I think you are underestimating the intellectual capacity needed by prehistoric humans to perform all their activities; in short, to survive. It is true, prehistoric humans did the same things animals did. But they did it in a fundamentally different fashion.
Animals are largely driven by instinct. By contrast, we humans have very few instincts — perhaps none! — we cannot overcome. We can choose not to follow even the most basic survival instincts: We can voluntarily hunger to death, refuse to procreate, go out in the cold and freeze to death, with a warm home in sight. We can even actively end our lives.
But this freedom from pre-cast behavior has enormous benefits: It enables us to adapt to environments to which we are physically not well suited. Too light-colored people inhabit the Sahara; fur-less humans dwell in the arctic. We grow food in arid places, by means of irrigation. What makes this possible is a system of knowledge and customs commonly referred to as culture. This puts humans in a unique position among animals. Our survival depends on our mental capacity, not any longer on our instincts or our physical shape.2 This shift is what characterizes us. This shift was made possible by a change in our brains.
Some time in the evolution of homo sapiens something astonishing happened. It is the ability for symbolic reasoning and reflection. We see things not only as what they are; we imbue meaning in them which isn't obvious at face value. We tell stories about ourselves, about our ancestors, and about everything else we see. We keep memories of the past, and tell them to our children. We have rites which reinforce these memories and our sense of belonging, belonging to the place and to each other. The stories we told (like heavens full of scheming gods) were often much more complicated than the reality they tried to explain (like rotating balls on elliptic trajectories). We could create an adaptive symbolic working model of ourselves and our environment; one which was elaborate and complicated, and often poetic and beautiful.3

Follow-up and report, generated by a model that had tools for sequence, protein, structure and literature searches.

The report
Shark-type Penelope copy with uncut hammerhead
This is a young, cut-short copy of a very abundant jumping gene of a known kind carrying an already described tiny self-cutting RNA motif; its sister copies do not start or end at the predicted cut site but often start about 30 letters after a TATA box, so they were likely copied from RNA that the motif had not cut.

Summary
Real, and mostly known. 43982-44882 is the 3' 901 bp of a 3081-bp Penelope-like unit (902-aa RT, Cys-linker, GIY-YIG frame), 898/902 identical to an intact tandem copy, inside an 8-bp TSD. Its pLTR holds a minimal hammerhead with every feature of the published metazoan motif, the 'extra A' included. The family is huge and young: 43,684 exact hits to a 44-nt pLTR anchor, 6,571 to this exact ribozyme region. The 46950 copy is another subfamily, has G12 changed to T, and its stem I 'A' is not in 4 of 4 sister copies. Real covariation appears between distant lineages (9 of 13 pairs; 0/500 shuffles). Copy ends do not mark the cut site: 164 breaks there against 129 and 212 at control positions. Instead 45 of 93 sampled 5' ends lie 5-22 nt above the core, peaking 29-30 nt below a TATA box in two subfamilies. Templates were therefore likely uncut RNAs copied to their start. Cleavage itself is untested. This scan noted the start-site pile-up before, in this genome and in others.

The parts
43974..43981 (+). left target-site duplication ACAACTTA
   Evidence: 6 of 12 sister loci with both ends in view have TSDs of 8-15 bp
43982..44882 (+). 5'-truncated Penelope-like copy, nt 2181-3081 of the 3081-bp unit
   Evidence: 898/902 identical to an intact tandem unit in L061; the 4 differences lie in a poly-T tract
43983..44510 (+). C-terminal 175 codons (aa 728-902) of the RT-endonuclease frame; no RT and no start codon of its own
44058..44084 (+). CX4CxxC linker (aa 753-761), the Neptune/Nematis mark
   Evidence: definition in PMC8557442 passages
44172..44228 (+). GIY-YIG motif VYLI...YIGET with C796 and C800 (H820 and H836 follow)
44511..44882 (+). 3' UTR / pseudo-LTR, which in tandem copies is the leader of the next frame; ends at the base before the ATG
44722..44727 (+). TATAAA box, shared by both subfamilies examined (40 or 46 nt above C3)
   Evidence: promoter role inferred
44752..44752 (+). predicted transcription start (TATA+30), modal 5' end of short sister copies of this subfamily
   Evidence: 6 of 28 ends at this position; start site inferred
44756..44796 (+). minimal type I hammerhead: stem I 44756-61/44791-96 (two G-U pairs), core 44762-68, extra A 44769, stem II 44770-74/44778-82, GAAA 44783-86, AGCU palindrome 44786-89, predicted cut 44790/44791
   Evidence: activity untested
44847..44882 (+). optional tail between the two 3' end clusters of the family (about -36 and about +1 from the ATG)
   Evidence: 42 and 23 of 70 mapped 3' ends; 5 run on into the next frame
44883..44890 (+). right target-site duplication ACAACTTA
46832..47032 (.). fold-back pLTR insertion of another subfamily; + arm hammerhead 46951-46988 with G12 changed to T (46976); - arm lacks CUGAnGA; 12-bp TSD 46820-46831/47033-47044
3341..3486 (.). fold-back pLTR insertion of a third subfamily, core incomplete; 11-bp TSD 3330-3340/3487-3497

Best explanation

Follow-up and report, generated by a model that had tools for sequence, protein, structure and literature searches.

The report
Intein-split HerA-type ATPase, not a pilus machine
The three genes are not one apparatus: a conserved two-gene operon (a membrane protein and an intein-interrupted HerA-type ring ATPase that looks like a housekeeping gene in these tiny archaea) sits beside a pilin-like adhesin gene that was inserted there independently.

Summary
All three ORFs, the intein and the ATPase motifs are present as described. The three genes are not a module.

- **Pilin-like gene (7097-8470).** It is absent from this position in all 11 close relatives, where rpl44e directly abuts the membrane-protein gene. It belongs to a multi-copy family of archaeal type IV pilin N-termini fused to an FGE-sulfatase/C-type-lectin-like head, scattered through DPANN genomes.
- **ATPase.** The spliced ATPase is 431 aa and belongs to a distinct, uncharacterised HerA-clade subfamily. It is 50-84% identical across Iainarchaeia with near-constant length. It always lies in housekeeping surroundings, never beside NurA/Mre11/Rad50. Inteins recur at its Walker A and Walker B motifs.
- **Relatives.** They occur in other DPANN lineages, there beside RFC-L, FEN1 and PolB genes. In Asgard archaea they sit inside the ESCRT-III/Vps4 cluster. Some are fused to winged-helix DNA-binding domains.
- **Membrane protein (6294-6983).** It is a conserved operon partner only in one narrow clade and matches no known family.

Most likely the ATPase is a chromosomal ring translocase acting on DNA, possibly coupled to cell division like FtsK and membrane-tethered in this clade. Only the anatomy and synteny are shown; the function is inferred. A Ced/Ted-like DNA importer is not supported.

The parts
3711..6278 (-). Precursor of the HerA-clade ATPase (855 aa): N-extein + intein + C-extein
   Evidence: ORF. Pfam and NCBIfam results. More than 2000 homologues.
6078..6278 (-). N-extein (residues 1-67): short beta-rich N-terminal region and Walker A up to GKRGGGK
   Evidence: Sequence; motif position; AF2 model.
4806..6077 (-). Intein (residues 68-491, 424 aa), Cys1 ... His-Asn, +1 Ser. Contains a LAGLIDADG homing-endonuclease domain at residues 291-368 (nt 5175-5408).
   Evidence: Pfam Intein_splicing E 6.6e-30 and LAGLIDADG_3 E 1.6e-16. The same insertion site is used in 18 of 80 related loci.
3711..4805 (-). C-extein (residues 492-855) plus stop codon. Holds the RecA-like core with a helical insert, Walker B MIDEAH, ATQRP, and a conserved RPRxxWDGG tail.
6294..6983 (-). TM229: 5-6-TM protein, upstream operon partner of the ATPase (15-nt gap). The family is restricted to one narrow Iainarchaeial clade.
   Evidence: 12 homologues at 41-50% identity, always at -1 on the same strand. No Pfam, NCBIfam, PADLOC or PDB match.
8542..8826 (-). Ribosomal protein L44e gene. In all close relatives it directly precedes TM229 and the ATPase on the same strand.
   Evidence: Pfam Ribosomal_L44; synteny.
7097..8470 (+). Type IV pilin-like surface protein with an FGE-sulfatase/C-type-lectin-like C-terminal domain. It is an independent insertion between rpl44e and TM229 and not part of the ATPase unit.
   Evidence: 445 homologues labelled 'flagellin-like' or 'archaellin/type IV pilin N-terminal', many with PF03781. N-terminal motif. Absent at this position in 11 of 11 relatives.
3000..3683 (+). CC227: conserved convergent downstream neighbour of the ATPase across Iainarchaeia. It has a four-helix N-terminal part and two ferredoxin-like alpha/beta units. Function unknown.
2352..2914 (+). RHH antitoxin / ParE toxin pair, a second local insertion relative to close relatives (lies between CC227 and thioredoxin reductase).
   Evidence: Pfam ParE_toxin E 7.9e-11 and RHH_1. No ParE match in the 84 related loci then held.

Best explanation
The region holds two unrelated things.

This ability proved an evolutionary advantage in times of rapid environmental changes and allowed us to survive where other species went extinct. We developed a brain that's "almost entirely plastic" (Feynman)1.
This unique ability to create internal models of the ever-changing world around us allowed us to make Gedanken-Experimente, predict the consequences of our actions. We could be strategic. Ockham hadn't been around yet, and the Ptolemaic way of making sense of it all was blossoming.
This ability to create and manipulate mental models with a high degree of freedom (not hard-wired to specific inputs or instincts) is key to our humanity. The result of our evolution was a brain which is almost completely unshackled. It is aggressively designed to invent stories and see patterns. We are the zoon politikon as much as we are a zoon poetikon, a story teller and singer.
Our mind is not modeled for a specific environment. We can live everywhere we can physically go — and beyond! This enables us to do things that seem very removed from what we did when we evolved. We are physical explorers as much as we are mental explorers. The very advantage of this particular line of evolution, its very essence is that it is not only ready for the unknown, but actively seeking it.
The lady whose leg he pulled responded: "No, really!?"
2 In fact, our instincts, for example our aggression, appear to become a danger to our survival rather than a requirement.
3 As an example for sophistication and information content consider Australian Aboriginal mythology with stories possibly describing events thousands of years ago.